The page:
We'll start by creating a feature branch, based on our project's master branch.

This is our command:

bash-4.2# morph branch baserock:baserock/morphs \
    TROVE_ID/joebloggs/update-ssh \
    TROVE_ID/joebloggs/master

which is saying that:

  • we'll create a new branch of the baserock:baserock/morphs repository;
  • we'll call the branch TROVE_ID/joebloggs/update-ssh, identifying that it's developer joebloggs working for a company whose Trove ID is TROVE_ID, and the topic of their branch is updating ssh.
  • We will base it on our existing TROVE_ID/joebloggs/master branch.

    If we didn't have this last parameter, the new branch would be based on master, which comes from upstream and would lack all our work done thus far.

bash-4.2# morph branch baserock:baserock/morphs \
    TROVE_ID/joebloggs/update-ssh \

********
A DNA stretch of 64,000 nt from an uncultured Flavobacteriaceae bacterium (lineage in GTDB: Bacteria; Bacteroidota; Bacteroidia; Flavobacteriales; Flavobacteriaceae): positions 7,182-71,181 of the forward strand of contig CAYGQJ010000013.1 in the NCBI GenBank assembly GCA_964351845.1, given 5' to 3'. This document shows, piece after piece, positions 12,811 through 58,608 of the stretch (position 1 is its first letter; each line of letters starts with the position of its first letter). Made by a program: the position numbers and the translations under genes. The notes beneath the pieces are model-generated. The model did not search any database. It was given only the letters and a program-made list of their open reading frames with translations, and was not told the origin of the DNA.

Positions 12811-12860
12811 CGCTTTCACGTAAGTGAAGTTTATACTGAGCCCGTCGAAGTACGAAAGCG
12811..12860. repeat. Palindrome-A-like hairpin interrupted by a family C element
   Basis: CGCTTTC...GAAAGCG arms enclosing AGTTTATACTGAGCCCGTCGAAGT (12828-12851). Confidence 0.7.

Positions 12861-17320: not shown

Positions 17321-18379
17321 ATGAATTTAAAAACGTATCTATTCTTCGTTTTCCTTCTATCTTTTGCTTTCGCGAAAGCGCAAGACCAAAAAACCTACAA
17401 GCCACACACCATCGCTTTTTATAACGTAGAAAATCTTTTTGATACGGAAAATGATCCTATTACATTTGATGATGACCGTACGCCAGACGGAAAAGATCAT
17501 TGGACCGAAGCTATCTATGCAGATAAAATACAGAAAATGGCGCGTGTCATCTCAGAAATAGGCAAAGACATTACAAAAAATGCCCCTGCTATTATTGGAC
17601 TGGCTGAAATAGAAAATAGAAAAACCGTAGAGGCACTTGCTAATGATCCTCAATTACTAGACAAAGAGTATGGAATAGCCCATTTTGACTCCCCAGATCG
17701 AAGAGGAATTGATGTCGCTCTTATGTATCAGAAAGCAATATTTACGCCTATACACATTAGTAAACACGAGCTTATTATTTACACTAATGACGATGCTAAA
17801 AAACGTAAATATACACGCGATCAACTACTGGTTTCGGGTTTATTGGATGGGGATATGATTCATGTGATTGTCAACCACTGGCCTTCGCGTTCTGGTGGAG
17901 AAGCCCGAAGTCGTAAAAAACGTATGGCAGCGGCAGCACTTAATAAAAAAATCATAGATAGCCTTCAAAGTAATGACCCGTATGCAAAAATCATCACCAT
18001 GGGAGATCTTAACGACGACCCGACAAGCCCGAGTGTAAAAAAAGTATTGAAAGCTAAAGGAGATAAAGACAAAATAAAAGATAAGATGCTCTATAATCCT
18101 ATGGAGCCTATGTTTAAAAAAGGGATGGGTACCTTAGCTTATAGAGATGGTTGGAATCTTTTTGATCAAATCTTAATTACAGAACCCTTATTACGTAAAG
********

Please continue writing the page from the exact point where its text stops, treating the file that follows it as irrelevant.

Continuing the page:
TROVE_ID/joebloggs/master
2013-06-06 11:32:54 Updating git repository baserock:baserock/morphs in cache
2013-06-06 11:33:47 Updating git repository baserock:baserock/morphs in cache

If we run morph status we'll see that we now have a system branch checkout directory

bash-4.2# morph status
System branches in current workspace:
    master
    TROVE_ID/joebloggs/master
    TROVE_ID/joebloggs/update-ssh

Now for the new stuff - we're going to use the morph edit command.

Let's look at morph help edit

bash-4.2# morph help edit
Usage: morph [options] edit SYSTEM STRATUM [CHUNK]

Edit or checkout a component in a system branch.
...

The important arguments that we need are:

  • our system: my-x86_64-system
  • the stratum we are changing: foundation
  • the chunk we are changing: openssh

So our command is

morph edit my-x86_64-system foundation openssh

which is saying that we are going to make a change to the openssh chunk of the foundation stratum of the my-x86_64-system system. Let's run that now. We need to run it within the system branch checkout directory.